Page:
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Date:10/1/2014 1:28:40 AM
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Day 15--The Chuck Wagon part one
Howdy all, Chuey here with a TGIF Cattle Drive Post for you all. I think it is important that we all learn some history about one of the most important aspects of any cattle drive. THE CHUCK WAGON. Now, any cow-birdie worth it's weight in gold, loves to eat. We have been well fed by our wonderful cook Lizzie, and her two helpers Kaji and Mikey. They have been dishin' out some mighty tasty vittles.
There is a majestic beauty viewing over the massive grazing lands that run from Texas north through the Dakotas reaching into Canada. These plains expanded westward into Colorado meeting the rocky mountains and northwest to the Cascade Mountain Range. Scenic hills covered in tall Buffalo grass that whispers its historic past as one might sit silent reflecting upon the romantic images of the American West. As the wind blows through the wild blades of green stems that still flourish today, the sounds of the cowboys yawp can nearly be heard as they command their livestock on the long cattle-drives. Today, no other item best reflects the images of those cowboys who worked the cattle drives than the “Chuck Wagon”.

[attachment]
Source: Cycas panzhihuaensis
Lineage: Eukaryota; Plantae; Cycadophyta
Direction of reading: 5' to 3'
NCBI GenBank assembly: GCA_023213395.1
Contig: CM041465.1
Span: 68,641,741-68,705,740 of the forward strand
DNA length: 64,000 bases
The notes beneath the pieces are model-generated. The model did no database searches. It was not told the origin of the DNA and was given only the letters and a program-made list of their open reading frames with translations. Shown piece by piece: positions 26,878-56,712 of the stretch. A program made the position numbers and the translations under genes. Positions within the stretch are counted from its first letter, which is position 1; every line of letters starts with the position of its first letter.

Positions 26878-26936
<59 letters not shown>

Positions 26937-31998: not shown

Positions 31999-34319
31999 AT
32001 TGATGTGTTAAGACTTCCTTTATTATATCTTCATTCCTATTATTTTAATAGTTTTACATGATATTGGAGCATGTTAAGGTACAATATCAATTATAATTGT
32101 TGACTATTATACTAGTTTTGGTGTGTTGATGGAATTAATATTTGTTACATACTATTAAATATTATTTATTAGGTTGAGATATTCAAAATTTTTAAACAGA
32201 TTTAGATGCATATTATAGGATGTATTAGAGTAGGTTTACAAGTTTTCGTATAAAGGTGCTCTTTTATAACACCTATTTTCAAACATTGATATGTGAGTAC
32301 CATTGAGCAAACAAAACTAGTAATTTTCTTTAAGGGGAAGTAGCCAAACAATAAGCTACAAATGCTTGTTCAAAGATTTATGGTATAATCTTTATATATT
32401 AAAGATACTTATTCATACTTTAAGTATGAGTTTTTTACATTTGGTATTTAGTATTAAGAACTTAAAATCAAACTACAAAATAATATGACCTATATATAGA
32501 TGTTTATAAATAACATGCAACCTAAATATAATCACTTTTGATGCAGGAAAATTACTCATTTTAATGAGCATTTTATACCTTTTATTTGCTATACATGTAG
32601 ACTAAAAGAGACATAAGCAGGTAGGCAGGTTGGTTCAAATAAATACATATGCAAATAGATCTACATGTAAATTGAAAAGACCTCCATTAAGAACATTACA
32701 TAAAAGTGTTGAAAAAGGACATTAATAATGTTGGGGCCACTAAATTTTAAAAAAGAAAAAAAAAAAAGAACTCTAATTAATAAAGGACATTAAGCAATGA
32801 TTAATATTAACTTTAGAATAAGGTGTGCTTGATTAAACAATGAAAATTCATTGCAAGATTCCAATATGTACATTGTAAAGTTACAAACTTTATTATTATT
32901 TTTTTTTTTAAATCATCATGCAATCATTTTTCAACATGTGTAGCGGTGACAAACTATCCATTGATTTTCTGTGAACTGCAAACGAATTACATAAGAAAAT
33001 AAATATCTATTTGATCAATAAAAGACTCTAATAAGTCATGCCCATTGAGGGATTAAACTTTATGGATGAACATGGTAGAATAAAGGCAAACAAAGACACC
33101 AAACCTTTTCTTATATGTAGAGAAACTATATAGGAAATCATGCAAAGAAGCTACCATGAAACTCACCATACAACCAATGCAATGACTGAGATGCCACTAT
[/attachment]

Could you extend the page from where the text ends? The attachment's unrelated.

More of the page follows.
Prior to the Chuckwagon, Cowboys often relied on eating what they carried in their saddle bags such as dried beef, corn fitters or biscuits. In 1866, cattleman Charles Goodnight knowing the importance for his crew to drive cattle they'd require daily meals, bedrolls, extra gear and supplies. A humble Cowboy could work harder on a full stomach and a good night sleep. The trail would often last two or more months moving cattle several miles each day. Some drives lasting up to five months. Goodnight took a surplus Army Wagon made by Studebaker and added a large Pantry box to the wagon rear with a hinged door that laid flat to create a work table. The cook would then have everything he needed at arms length to prepare food. Shelves and drawers were added to the inside of the pantry to carry supplies and cooking gear. The larger pots, cast iron skillets and utensils would be carried in a box mounted below the pantry called the boot. The Army wagon merely was a light supply wagon of that period with Goodnight’s added design creating the invention of the CHUCK WAGON.
Tomorrow we will finish our history on the Chuck wagon. I smell dinner, gotta go!
Trail Boss Chuey 245908
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